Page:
It is in this context that we see five specific sectors that will define the country’s economic performance in the coming years.
These select growth areas have the ability to propel the country’s economy forward at an exponential rate, particularly if planned reforms are implemented. And they each offer not only opportunities for foreign capital and expertise, but also sizeable benefits for local firms looking to expand.
The first growth area comes as no surprise: natural resources.
Ghana’s commodity economy benefits from a comfortable revenue stream when prices are high, but grapples with shortfalls and slower growth when prices are low.
But, for better or for worse, the country’s natural wealth will continue to be one of the biggest motors of the economy for years to come.
Nowhere will this be more evident than with the start of commercial oil production. Production may be comparatively modest – don’t expect to see any Gulf-like transformations in Accra – but it is a big step for the country, bringing an influx of new capital and expertise, as well as opening up space for a range of new infrastructure, like pipelines and processing facilities.
And while black gold might be what everybody is talking about these days, it is the traditional yellow stuff which has long dominated exports. With prices surging past $1900 an ounce in recent months, this year will see a dramatic boost in revenues as production continues to climb. Similarly, for a country that once boasted the largest aluminium smelter in Africa, bauxite reserves offer additional potential.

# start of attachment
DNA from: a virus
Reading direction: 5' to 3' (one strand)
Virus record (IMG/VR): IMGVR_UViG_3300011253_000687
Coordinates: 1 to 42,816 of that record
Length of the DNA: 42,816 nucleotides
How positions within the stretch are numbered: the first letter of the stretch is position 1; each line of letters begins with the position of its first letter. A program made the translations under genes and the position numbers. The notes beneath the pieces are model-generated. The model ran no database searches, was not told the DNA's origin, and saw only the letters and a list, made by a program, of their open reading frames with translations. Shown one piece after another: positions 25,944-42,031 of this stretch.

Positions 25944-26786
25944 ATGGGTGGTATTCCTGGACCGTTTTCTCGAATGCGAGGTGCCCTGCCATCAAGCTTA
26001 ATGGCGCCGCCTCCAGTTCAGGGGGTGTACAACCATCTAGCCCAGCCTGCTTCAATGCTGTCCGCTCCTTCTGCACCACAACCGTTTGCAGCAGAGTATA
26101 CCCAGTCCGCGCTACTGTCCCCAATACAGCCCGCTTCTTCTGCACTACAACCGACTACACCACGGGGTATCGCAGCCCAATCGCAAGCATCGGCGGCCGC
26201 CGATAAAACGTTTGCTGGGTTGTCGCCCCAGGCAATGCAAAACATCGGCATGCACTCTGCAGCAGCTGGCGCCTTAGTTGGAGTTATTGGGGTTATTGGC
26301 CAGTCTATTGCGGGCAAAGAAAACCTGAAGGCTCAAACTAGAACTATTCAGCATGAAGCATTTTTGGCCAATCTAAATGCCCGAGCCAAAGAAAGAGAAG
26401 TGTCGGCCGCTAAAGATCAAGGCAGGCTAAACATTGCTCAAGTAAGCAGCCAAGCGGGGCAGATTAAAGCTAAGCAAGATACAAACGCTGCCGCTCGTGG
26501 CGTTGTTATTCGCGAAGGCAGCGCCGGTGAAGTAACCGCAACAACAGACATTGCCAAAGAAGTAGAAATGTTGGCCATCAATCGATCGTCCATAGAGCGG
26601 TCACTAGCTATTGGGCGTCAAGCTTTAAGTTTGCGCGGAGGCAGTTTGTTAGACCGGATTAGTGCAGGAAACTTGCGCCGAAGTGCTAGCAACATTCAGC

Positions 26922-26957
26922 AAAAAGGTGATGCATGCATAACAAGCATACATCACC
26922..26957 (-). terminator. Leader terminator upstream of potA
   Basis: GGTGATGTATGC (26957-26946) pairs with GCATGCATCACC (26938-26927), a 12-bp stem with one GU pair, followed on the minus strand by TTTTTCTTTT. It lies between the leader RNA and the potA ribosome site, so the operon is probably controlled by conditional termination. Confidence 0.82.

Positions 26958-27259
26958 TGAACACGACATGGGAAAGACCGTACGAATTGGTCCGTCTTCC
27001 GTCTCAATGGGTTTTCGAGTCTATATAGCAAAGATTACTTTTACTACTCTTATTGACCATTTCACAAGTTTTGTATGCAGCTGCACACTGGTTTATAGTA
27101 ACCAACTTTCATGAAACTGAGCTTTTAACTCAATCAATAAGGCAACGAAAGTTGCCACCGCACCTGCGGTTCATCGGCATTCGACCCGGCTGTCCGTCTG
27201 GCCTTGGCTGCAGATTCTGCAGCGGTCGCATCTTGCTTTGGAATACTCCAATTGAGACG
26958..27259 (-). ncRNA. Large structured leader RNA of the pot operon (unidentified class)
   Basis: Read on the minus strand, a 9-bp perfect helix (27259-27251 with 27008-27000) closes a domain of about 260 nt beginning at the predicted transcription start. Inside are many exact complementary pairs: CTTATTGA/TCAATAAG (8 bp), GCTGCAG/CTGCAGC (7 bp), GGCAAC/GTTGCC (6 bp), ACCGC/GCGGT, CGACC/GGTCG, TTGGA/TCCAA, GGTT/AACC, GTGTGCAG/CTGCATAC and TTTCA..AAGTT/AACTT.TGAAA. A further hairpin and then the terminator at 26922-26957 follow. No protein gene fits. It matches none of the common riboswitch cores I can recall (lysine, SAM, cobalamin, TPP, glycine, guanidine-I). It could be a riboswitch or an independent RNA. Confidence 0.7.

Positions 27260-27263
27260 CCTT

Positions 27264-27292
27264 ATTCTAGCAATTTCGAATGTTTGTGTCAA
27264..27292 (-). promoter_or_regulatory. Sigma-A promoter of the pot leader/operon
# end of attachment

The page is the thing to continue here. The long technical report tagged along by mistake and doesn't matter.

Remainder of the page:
Next is industry. The success of economic diversification, which is vital for Ghana, hinges on the growth of industrial output.
Raw materials have long dominated Ghana’s export activity, but it has a surprisingly wide base for manufacturing, processing and industrial production – from timber to plastics to food processing and textiles. Yet industrial goods comprise only 7% of exports, and while input tariffs and infrastructure do limit growth, there is enormous room for expansion.
In spite of fears of Dutch disease, Ghana’s commodity wealth is a huge potential boon for industrial investors. Obviously, the prevalence of things like oil palm and bauxite provide accessible inputs, but more importantly, oil production will give the sector a major boost, improving electrical supply, lowering feedstock prices, and attracting additional liquidity.
Two more key growth areas, which may sound odd given their limited size and fragmented nature, are the banking sector and capital markets.
Ghana’s banking system is petite compared to markets like Nigeria or South Africa, but it does have a sophisticated network of players, whether we’re talking about universal banks or susu collectors. The vast untapped market in both retail and corporate, combined with the relative familiarity people have with informal financial services, means that the sector is ripe for rapid growth.
The country has a developed bond market, extensive investor infrastructure, and lots of foreign interest, and in recent months, saw a massive new listing of Tullow. From our standpoint, Ghana’s stock exchange has virtually everything an investor could want – with one glaring exception: it needs a boost in equities listing and trading. But with pension reform on the horizon, things are looking bright.
Finally, we also see agriculture as a key short, medium and long-term economic driver.
Ghana’s status as a middle-income economy means that some areas of the economy have moved well up the value chain, but agriculture continues to employ over half of the working population and accounts for around a third of GDP.